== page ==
Young Jim Endicott has but one dream -- to attend the Solis Space Academy, the gateway to the stars and the far-flung civilization known as the Confederation. But unbeknownst to Jim, he has a secret encoded in his DNA. A secret that threatens an empire.
Jim's Academy application sets of an explosive chain of terror, hurling the young man into an adventure beyond his wildest dreams. With the help of a beautiful fellow outlaw named Cat, who is as tough as she is tender, Jim begins to unravel the shocking truth about his own origins -- and uncovers the fatal deception that has split a bitter humanity into warring factions bent on mutual annihilation.
About the Author
William Shatner's career as an actor, director, producer, screenwriter, recording artist, author, and horseman has spanned more than fifty years. One of pop culture's most recognizable figures, he is also a major Hollywood philanthropist. Shatner and his wife and three married children live in Los Angeles.
Read an Excerpt
The space cruiser grew slowly larger against the vast sweep of stars, shining, white, overwhelming in its power. Jimmy Endicott hung in the virtual dark, in utter silence, his heart pounding at the approach of the great ship. He could smell the tang of his own nervous sweat, almost feel the vacuum strain against the imponderable mass of the vessel. It was a perfect meshing of man and machine that, for him, embodied the highest hopes and deepest dreams of all humankind.
Someday I will be a part of you, and you of me. Someday you will call me Captain.
The splendor of endless space was breathtaking. Jimmy felt a momentary vertigo, as if he were actually falling forward into the approaching maw of the cruiser. Reflexively he put his hands forward to shield himself from the impact
"Jimmy! Turn that thing off. Dinner's on the table, birthday boyo. Eat it now or I'm throwing it to the hogs."
The ship began to break up before his eyes; long cracks snaked across its perfect surface, showing fading stars beneath. Then, as he reached up and gently tugged the cyberjack from its socket beneath his right ear, the entire virtual vision vanished, and he found himself staring at the mundane walls of his room.
Jimmy blinked and glanced at the doorway.
Hogs? Where'd you find a hog, Mom? Can I have five minutes?"
"Five minutes? You sure that's all?" Tabitha Endicott said.
"Sure, Mom. Just one little thing ... Okay. Wash your hands first."
He swung his swivel chair until it faced his desk. "Computer, generate Me 'academy application' and print it. "
Obligingly,his "axe"the name everybody used for Universal Access Units, the miraculously small machines that allowed access to the InterworldWeb, also called the Wobbly for reasons nobody remembered anymore-responded by printing out a copy of his preliminary application for entrance into the Solis Space Academy.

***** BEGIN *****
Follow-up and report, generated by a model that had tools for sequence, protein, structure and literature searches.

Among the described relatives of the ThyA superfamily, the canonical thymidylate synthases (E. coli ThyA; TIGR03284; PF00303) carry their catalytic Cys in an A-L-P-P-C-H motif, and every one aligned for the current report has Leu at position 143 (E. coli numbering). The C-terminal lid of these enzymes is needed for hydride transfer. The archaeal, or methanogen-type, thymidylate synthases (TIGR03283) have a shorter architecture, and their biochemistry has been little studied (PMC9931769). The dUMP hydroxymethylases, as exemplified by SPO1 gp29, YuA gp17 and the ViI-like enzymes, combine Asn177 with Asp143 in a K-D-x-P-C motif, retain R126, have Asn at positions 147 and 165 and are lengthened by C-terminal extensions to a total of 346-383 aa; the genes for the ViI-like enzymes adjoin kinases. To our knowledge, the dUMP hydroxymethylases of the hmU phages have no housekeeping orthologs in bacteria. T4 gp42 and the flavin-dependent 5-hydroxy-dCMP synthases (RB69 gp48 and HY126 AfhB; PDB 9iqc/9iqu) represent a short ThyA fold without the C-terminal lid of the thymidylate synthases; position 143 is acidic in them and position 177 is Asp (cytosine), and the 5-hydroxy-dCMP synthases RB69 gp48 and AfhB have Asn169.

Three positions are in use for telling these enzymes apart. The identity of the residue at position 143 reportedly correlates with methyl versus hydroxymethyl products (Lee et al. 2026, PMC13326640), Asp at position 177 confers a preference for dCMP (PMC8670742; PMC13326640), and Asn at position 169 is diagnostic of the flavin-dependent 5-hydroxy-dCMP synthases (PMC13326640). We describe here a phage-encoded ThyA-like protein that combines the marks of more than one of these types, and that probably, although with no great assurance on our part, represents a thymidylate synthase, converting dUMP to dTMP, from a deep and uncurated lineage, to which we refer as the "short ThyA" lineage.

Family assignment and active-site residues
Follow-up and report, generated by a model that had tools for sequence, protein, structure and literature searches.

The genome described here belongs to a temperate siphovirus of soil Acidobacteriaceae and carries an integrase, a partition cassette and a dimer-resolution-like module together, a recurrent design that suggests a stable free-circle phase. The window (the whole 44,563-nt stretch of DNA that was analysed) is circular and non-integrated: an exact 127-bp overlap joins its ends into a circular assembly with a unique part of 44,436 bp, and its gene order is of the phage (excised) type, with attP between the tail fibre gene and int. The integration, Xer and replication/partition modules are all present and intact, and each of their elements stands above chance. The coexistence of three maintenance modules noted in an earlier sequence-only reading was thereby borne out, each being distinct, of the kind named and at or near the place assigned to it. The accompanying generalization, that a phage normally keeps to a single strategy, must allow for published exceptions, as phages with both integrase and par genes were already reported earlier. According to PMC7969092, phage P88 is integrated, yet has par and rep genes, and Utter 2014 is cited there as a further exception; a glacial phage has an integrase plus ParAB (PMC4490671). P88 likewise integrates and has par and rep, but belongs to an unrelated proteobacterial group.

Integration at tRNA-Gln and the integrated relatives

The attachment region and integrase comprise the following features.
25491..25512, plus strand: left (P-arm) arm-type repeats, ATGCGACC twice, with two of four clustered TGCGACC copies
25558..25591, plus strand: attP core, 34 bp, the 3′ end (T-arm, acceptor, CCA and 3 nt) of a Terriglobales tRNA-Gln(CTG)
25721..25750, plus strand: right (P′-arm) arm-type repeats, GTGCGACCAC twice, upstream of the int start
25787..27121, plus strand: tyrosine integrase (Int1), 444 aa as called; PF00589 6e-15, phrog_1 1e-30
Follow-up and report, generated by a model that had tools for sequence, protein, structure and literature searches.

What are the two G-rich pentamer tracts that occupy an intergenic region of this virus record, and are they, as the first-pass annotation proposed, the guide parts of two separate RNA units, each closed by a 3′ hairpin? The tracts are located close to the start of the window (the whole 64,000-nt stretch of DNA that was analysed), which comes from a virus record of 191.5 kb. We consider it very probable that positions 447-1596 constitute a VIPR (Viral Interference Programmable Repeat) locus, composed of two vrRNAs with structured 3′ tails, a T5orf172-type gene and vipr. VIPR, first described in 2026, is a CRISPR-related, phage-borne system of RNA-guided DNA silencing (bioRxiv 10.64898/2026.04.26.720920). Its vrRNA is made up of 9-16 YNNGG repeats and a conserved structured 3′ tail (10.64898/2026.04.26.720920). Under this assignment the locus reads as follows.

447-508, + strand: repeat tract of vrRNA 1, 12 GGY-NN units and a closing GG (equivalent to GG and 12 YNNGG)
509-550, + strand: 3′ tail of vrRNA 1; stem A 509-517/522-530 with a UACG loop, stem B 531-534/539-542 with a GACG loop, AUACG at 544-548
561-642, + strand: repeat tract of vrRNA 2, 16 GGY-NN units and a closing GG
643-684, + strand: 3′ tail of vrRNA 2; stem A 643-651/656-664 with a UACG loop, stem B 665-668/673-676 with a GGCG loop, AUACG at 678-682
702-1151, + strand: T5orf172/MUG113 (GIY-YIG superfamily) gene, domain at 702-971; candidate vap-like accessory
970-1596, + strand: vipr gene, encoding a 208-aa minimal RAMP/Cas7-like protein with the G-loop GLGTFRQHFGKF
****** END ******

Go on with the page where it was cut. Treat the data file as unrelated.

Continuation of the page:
He closed his eyes as he visualized that legendary military space school on distant Terra, thirty light-years from his small room in a house in Prima City, the capital of Wolfbane, the first interstellar human colony. What a leap, of both distance and imagination. But he would make it, he promised himself. He would become part of the quest, as humanity took its first steps into the far reaches of the universe. Or, he thought, feeling embarrassed at his own melodrama, he would die trying.
He checked over the application a final time, making sure that everything was filled out correctly. It was just a preliminary application, but Solis Academy took only the best of the best, and the entrance process was long and grueling. Small mistakes counted. The earlier he started, the better his chances would be.
Name, James No-Middle-Initial Endicott. Age, sixteen. As of today, at least ... Height, five feet, eleven inches. Weight, 165 pounds. Hair, dark brown. Eyes, green.
Interests: Weight training, tae kwan do martial arts, track and field, computers, theater, exobiology, personal weapons training. He stared at this litany. His life had always been a busy one. But did this look too much like the lifestyle of a boy unhealthily obsessed? Striving a little bit too hard for perfection, maybe? He shook his head. Ask Dad about it, see what he says.
Parents. Carl and Tabitha. Endicott. What a banal entry for the two people who meant more than anything in the world to him. What could he say? Mom and Dad, and that was it. All and everything. "Supply complete genotype records for applicant and parents." That would be the subject of the conversation at dinner. Part of his little surprise. Today was his birthday. He knew they would plan something special for him tonight, and now he would do the same. He tried to imagine how his dad would feel when he showed him the application. He had always told him, "Son, do your best. You might as well aim as high as you can, and put everything you have into it. There is no shame in failure, only in never having tried at all."
Jimmy Endicott nodded to himself. It was good advice, and now, with this scrap of intelligent paper, he took the first step down the long road of fulfilling it.
He stood, folded the paper and stuck it in his shirt pocket, then headed for the bathroom to wash his hands. He was sixteen. He still did what his mom told him to do.
He hummed softly while the fresher sprayed water and odorless disinfectant on his palms. There might be no shame in failure, but he didn't care. He had no intention of discovering whether that was true or not. Failure? Failure was for other people.
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